Jillian Freyer for TIME

On Oct. 9, the economist Claudia Goldin was doing what most people do at 4:30 in the morning: sleeping. But then the phone rang, and her life changed. That day, she became only the third woman ever to win the Nobel prize in economics—and the first woman to win it on her own. She also happens to be the first woman ever to become a tenured professor of economics at Harvard University.

Goldin, 77, has dedicated herself to studying women and work. Over the course of her career, she has published foundational research on the ways women balance career and family, the persistence of the gender wage gap, and the influence of the birth control pill on women’s life decisions. All of this has made her the world’s premier expert on how the workforce has changed women’s life cycles and how women’s participation has changed the workforce.

Goldin’s work started with an observation on who was being left out of the conversation about families and labor: “We would talk about the children and the male head of the household. We would talk about single women who were working, or widowed, or those that were separated,” she says. “But we hardly talked about the married woman—the wife, the mother—and I realized that her story was unfolding through the 20th century, and it was a story that someone should tell in a manner that was big and bold and that dug deep into the history.”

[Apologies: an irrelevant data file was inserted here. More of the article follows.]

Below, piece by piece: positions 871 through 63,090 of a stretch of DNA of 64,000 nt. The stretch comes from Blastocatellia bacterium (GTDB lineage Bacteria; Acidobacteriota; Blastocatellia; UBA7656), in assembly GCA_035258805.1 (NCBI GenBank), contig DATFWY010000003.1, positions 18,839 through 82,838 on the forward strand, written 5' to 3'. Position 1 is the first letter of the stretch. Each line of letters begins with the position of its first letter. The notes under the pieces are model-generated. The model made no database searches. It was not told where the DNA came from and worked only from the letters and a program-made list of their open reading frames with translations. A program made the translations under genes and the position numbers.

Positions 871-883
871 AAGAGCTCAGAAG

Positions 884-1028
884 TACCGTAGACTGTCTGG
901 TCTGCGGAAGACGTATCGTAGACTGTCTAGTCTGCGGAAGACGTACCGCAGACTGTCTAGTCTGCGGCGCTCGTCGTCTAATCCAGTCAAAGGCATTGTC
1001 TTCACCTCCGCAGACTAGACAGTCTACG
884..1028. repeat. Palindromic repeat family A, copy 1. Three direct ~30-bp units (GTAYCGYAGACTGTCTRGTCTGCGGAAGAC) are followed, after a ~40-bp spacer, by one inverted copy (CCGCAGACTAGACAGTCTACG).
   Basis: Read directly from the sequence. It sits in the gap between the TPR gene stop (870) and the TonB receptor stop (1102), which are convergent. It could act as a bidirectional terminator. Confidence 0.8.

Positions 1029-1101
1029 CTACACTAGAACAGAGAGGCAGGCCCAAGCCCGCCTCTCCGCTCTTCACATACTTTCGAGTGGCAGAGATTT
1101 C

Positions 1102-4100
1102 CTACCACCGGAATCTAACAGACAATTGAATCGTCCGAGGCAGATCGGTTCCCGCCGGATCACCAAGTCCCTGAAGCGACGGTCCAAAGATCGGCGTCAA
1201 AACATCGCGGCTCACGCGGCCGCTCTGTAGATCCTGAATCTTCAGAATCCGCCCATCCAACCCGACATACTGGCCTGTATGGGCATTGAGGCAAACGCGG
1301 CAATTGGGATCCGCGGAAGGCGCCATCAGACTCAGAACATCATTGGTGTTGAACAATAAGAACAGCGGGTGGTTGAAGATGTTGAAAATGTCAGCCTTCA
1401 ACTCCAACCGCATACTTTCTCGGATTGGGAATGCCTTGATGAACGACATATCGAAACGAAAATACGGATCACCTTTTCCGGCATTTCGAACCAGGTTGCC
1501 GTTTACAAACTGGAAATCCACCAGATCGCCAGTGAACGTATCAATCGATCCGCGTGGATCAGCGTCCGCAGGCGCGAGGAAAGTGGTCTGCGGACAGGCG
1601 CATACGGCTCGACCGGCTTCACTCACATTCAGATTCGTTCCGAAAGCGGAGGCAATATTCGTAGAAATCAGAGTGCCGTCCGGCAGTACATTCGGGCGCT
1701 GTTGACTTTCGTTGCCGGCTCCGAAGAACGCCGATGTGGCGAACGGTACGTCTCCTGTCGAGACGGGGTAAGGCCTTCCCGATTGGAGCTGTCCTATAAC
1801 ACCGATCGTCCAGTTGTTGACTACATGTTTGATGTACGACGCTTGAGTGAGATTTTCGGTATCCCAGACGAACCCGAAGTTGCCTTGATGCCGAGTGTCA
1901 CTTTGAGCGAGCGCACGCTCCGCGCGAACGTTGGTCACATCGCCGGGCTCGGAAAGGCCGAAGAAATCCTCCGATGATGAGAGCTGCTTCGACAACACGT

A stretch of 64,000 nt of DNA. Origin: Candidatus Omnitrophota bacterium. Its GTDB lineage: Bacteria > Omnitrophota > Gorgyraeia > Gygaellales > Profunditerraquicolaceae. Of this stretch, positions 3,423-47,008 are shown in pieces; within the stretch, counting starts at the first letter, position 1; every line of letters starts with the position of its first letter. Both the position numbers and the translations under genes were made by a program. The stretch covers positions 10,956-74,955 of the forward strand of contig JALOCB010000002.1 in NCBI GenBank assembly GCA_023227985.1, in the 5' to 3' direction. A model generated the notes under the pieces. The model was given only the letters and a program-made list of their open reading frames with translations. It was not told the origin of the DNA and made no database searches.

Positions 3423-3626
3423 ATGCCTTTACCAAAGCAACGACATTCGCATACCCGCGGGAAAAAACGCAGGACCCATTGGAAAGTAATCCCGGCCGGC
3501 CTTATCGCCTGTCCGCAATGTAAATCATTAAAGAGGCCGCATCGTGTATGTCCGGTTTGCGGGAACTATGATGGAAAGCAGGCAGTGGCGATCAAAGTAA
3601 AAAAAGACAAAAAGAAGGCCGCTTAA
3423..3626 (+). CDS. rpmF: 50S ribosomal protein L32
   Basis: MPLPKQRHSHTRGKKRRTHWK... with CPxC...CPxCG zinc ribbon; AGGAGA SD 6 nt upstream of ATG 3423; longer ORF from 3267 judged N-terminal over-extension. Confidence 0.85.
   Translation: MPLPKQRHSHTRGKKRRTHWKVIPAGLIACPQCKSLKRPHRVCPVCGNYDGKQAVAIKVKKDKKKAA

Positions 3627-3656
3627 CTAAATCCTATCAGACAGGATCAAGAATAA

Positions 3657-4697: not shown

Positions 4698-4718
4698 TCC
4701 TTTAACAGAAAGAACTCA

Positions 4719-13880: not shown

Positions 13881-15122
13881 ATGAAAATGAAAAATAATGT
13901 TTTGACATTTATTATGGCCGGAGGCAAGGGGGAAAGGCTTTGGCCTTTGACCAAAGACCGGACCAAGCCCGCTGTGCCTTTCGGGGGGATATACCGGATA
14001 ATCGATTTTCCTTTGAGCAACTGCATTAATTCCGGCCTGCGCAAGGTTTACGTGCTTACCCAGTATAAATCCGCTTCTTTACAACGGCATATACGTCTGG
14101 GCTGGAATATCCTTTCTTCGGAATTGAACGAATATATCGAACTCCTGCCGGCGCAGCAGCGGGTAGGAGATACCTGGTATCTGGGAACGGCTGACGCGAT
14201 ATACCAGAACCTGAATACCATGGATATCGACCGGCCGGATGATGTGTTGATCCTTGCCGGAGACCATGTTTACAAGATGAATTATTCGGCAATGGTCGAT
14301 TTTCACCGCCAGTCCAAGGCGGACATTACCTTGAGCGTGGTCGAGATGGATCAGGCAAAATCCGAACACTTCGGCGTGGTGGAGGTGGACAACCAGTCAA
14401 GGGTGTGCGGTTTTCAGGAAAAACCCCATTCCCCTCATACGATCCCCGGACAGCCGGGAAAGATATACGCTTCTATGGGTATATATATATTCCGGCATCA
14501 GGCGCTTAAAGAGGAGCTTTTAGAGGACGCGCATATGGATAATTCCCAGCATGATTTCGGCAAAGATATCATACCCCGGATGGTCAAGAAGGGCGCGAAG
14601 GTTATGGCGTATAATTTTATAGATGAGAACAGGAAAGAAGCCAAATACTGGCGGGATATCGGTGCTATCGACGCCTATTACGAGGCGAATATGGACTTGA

For all of her achievements in economics, Goldin confesses that when she was growing up in the Bronx in the 1950s and ’60s, she didn’t picture herself in the field—in fact, she says, “I don’t think I knew what an economist was.” It was science that drew her in—specifically the experience of observing bacteria through a microscope in high school. But, once she arrived at Cornell University, Goldin did what she now encourages her undergraduate students to do: experiment, try new things, see what resonates.

“I don’t give advice,” she says, “but the one thing I do tell my students—because most of my students have spent an enormous amount of time, since they were little kids, thinking about their future—is that that’s a way of hemming yourself in.”

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Write to Charlotte Alter at charlotte.alter@time.com.